The annexation of Zululand, however, required a better justification than British convenience. The British got one in 1876, when a conflict broke out between the Boers and the Zulus. Though the Boers quickly gained the upper hand, the war crippled the Transvaal’s treasury, giving the British a pretext to declare that annexation was the only thing that could save the Boer state. Though the Boers were far from eager for a British takeover, in their impoverished and demoralized state they made little protest. The annexation of the Transvaal in turn provided an excuse for carrying out the annexation of Zululand, which could now be presented as necessary to protect the Boers in their new role as British colonial citizens. The British, who had previously sought to balance Boer and Zulu interests, thus shifted towards a more pro-Boer policy. In November 1878, Sir Bartle Frere, the governor of the Cape Colony, issued an ultimatum in which he demanded that the Zulus remake their entire society by dismantling their army and placing themselves under the direction of a resident British official. This was, of course, impossible for the shocked Zulus to comply with, and they now conceded that a war with the British, which they had long sought to avoid and feared they could not win, was unavoidable. They were given only thirty days to submit to the ultimatum, and when the deadline expired on 31 December, the British invaded Zululand.
The British believed that they would easily crush the opposition. `If we are to have a fight with the Zulus,’ declared Lieutenant General Lord Chelmsford, commander- in- chief of the British forces in South Africa, `I am anxious that our arrangements should be as complete as it is possible to make them. Half measures do not answer with the natives. They must be thoroughly crushed to make them believe in our superiority, and if I am called upon to conduct operations against them, I shall strive to be in a position to show them how hopelessly inferior they are to us in fighting power, altho’ numerically stronger.’ Here, Chelmsford illustrates the complexities of Britain’s sense of itself as an imperial power in the late nineteenth century. On the one hand, he positions the British as underdogs who must find ways to overcome the numerical superiority of indigenous peoples. But, on the other, he is full of confidence that Britain’s technological advantages in weaponry will prove decisive. His wish to `crush’ the Zulus fulfilled British desires for power and dominance, but sat uneasily with more benevolent conceptions of the purpose of empire. These contradictory sentiments engendered competing desires for the outcome of the war: the British of course wanted to win, but they also wanted to see themselves as noble and benevolent rather than bloodthirsty and rapacious. There was thus a clear need for heroism of a non-aggressive sort. That need would be fulfilled, albeit at a high cost of British lives.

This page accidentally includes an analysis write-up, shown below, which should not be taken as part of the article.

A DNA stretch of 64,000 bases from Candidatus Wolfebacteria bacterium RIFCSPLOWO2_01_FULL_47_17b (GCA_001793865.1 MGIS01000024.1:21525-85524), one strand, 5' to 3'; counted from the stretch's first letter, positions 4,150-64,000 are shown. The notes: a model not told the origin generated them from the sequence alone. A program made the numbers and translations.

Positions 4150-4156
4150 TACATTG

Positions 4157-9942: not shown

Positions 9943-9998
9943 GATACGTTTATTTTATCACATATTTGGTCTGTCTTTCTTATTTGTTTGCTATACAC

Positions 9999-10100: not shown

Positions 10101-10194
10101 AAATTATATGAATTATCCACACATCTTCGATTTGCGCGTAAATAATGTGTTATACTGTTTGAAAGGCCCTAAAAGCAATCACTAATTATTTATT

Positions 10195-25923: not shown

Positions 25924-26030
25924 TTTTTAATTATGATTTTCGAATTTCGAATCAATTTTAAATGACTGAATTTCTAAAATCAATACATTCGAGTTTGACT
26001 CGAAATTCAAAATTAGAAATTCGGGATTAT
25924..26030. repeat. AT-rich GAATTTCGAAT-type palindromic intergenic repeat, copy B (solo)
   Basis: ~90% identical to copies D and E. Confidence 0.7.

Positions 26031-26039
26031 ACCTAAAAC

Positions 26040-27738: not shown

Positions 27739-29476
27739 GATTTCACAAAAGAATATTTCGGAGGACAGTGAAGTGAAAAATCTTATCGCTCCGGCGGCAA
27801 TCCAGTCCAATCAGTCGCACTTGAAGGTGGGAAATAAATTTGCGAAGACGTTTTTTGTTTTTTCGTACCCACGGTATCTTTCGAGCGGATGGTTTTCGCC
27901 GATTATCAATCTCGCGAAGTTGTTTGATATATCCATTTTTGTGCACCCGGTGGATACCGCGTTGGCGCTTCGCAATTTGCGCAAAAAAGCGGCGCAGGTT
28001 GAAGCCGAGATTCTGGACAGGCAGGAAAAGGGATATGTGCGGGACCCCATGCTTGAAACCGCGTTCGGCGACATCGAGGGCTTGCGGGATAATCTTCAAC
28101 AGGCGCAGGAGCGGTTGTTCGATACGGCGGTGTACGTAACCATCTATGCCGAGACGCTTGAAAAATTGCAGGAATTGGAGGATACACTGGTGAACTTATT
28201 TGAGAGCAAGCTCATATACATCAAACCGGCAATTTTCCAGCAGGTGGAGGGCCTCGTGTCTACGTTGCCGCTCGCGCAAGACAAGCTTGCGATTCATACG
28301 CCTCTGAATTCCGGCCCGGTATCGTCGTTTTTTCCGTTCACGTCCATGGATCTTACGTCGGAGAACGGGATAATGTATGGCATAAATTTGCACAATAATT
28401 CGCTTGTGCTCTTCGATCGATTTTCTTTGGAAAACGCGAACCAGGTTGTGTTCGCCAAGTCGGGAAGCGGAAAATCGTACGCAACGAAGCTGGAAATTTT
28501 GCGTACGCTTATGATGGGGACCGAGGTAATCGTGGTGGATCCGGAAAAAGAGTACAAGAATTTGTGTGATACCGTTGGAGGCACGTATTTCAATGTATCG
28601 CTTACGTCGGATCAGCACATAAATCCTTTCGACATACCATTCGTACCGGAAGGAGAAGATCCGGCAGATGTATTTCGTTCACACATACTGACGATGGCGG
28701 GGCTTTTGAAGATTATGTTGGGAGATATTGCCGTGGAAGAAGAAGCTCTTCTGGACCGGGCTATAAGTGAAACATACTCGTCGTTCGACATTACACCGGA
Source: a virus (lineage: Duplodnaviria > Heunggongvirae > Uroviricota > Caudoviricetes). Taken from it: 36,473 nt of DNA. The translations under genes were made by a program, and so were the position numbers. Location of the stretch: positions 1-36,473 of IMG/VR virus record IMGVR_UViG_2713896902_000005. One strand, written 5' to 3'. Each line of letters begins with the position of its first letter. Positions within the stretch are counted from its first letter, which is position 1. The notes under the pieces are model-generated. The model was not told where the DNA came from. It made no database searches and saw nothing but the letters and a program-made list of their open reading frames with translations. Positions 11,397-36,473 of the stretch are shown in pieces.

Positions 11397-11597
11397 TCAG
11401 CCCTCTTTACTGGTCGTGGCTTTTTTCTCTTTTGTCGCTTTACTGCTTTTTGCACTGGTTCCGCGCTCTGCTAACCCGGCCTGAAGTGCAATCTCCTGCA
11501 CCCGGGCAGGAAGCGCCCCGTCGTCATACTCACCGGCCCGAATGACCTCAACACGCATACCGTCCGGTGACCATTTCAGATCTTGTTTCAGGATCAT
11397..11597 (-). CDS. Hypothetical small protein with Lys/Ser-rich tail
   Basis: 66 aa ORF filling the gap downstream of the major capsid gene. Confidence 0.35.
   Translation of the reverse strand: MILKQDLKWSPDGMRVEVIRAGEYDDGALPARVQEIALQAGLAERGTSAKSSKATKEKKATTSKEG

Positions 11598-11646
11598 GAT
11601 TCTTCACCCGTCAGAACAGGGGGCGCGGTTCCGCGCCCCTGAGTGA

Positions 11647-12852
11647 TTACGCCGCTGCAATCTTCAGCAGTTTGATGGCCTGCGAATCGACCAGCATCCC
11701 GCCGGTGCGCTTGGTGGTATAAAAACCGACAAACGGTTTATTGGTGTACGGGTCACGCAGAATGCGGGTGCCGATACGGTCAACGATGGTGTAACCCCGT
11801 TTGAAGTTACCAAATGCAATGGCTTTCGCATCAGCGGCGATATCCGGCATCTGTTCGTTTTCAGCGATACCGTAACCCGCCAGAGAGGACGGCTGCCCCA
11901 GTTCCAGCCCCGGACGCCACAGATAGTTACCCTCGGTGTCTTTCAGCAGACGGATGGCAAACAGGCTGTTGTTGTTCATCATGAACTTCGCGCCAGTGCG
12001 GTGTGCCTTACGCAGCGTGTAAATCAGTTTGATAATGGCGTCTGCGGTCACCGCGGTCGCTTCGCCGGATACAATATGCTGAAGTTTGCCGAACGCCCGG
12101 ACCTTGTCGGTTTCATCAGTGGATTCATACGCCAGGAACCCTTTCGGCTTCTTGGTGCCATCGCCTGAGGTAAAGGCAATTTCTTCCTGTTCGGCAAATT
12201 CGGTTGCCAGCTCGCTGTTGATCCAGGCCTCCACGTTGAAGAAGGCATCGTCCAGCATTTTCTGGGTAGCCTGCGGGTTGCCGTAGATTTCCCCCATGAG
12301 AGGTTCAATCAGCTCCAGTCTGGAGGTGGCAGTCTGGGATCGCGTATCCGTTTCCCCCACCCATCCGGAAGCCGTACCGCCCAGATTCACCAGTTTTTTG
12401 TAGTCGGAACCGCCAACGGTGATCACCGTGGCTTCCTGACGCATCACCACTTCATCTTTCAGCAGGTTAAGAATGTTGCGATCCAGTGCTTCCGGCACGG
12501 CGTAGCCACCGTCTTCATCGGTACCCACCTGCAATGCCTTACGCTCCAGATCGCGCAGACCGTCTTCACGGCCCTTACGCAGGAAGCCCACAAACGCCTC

Chelmsford assumed that the Zulus, aware of Britain’s superiority in weaponry, would seek to avoid a pitched battle. Instead of concentrating his forces, he thus divided his sixteen thousand men into five columns, which permitted more rapid movement. He took charge of the third, or central, column himself. The plan was for them to converge on Cetshwayo’s capital at Ondini. He under- estimated, however, the Zulus’ confidence in their military prowess, and their faith in their preferred strategy, known as `the horns of the buffalo’, in which the flanks of their attack enveloped the enemy while the centre engaged the bulk of the opposing forces.
After crossing the border into Zululand, Chelmsford decided to establish a forward camp in the shadow of a sphinx- like hill called Isandlwana. He assumed that, as he moved north, the Zulus would retreat towards Ondini and harass the British with small- scale attacks. The poor site chosen for the camp reflected Chelmsford’s complacency. Rather than lying on open ground that would allow a large Zulu force to be spotted from some distance away, it was overlooked by the rocky promontory of Isandlwana and the rising ground that led up to it, which would allow a Zulu army to approach virtually unseen. Chelmsford did not think that this would matter, as he did not expect a full- scale Zulu attack and was confident of his ability to repel one even if it came. He made no attempt to post sentries behind the hill, where they could see an oncoming Zulu force, or laager (i. e., entrench) his army by using his supply wagons as a defensive barrier. Cetshwayo, however, had formulated a strategy that directly contradicted British expectations. Aware that his best chance of dissuading the British from bringing the full brunt of their military resources to bear was to inflict an early defeat upon them, he sent twenty thousand troops to confront the invading army. He hoped that once they were made aware of how difficult it would be to conquer the Zulus, they would be convinced to reconsider their planned annexation of Zululand.
Early on the morning of 22 January 1879, Chelmsford rode out at the head of a column in order to carry out reconnaissance in the hills surrounding Isandlwana. This left Lieutenant Colonel Henry Pulleine of the 24th Foot in charge of the camp, but, at around 10 a. m., Lieutenant Colonel Anthony Durnford arrived from Helpmekaar with a contingent of Natal volunteers; he outranked Pulleine and thus assumed command. Durnford encapsulated all of the complexities of the Anglo- Zulu War. On the one hand, he was brave and eager for action, but, on the other, he recognized that the war against the Zulus was unjust. `As a soldier I should delight in the war,’ he wrote, `but as a man I utterly condemn it.’